I took her to park every morning and gradually all regular walkers became aware of her issues and so in the process entire huge park became her comfort zone. When she outpaced me and went ahead on the walking track, someone coming from the opposite direction would tell me that “she has gone that side”. Once she just walked out of the gate of the park and went looking for our car, a gentleman came to me telling me where she was standing. I learnt later that he had kept another walker there to ensure that she doesn’t run away here and there.
Her all important milestones were generally in time including her menstruation cycles. Of course language is yet to develop properly.
We observed her strengths, like interest in painting, and singing and gave her as much exposure as possible. She is no stage fright, rather loves any opportunity to hold the Mike and sing or participate in stage programs with all makeup in place.
We never thought to “cure” her Autism. Rather our focus has been on making her independent in all ADLs. Today she doesn’t need any help in her day to day activities rather she is a big help in our daily activities including washing family laundry daily, taking them to terrace for hanging on clothesline and later bring them back, beside small things like Roshnee do this, bring me that etc. And she does all that like any other typical child and happily.
Society and Autism family has given us much and now I am sharing my life’s journey and my experiences with newer parents via few Autism related group. I occasionally get calls from strangers, mostly mothers from as far as China, UK, US besides nearby Bangladesh or different cities of India. Many times mothers have been looking for the release of their pent up frustration and needed a shoulder to cry. They trusted a father figure like me, cried unhesitatingly for a long time and then felt a bit relaxed, confident that their anxiety will not be made fun of.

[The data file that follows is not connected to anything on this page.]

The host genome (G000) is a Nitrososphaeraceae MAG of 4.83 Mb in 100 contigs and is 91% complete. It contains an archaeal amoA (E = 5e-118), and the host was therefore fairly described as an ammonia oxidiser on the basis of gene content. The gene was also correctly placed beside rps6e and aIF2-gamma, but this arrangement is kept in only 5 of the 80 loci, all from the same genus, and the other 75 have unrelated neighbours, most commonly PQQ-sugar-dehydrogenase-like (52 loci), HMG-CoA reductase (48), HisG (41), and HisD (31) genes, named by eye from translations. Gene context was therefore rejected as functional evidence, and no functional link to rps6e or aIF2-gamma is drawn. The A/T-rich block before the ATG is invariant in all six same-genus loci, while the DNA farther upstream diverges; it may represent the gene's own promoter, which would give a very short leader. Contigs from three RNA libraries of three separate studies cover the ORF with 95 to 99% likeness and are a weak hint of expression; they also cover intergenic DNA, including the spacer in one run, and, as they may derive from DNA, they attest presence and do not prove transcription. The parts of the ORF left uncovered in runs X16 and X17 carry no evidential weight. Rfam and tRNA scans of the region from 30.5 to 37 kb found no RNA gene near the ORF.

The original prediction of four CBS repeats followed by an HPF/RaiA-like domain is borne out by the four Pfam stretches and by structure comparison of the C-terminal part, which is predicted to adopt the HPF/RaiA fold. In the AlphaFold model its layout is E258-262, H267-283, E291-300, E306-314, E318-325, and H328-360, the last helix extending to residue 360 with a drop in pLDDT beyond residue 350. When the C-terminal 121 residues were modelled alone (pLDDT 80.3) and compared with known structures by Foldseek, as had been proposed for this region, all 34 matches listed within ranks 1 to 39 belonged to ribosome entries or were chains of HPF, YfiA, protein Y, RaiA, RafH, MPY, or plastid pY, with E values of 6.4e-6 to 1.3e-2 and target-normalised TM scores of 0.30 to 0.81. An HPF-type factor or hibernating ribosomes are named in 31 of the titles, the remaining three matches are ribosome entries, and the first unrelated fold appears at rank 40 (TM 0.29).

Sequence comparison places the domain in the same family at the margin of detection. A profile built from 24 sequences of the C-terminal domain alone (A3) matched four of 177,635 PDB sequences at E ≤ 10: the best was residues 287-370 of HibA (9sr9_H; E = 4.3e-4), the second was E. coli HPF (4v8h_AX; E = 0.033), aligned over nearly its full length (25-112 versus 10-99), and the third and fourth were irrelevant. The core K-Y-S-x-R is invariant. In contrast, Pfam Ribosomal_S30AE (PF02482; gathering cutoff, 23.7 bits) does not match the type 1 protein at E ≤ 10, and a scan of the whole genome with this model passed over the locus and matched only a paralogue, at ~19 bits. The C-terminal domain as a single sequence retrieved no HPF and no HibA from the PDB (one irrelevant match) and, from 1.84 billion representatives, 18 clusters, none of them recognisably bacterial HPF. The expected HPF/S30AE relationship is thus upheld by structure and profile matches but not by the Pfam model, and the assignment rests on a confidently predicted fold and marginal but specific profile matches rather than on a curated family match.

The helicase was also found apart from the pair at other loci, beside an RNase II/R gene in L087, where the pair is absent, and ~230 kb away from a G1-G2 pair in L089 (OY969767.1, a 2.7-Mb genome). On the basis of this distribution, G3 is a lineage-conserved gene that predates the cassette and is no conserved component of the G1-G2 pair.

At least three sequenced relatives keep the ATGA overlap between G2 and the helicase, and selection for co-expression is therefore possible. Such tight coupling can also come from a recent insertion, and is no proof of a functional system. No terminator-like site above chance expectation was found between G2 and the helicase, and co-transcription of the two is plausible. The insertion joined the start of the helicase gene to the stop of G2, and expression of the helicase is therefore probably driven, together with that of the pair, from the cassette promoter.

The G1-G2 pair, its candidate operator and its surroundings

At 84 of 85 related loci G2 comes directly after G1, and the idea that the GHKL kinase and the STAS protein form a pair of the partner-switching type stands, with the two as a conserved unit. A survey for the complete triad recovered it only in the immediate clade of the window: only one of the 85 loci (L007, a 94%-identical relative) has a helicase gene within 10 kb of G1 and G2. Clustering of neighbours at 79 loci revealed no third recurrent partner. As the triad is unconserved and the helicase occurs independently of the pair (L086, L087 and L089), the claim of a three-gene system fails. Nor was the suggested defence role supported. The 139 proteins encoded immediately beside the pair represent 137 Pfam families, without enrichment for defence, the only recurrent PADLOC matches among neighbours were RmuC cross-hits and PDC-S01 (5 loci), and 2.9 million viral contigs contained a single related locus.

Perhaps most rewarding moment had come about 10 years ago when a mother told me that she was persuaded from committing suicide after talking to me. Today she is a very happy mother.
About 10 years or so back I and some of the younger parents started realising that very soon we all will be staring at the haunting question “What after us?” And there was no answer. Govt. was/is totally unconcerned since we parents don’t make a huge vote bank.
And so idea of Assisted living for our children to be looked after for their entire life with dignity and safety after parents have moved on took shape. Some brilliant and daring young parents, even during peak of Corona continued to look for suitable land.
We parents pooled our resources and purchased about 10Acre land near Shantiniketan and started Anand Ashram an assisted living facility for persons with Autism. We have included a very decent living accomodation for those parents who may like to live their retired life near but separately from their Child with Autism. Construction is progressing at a fast pace. The facility will have a special school, a vocational unit, a bakery, a gym, walking/jogging track, swimming pool.
A resident will have 24X7 caregiver throughout his/her life.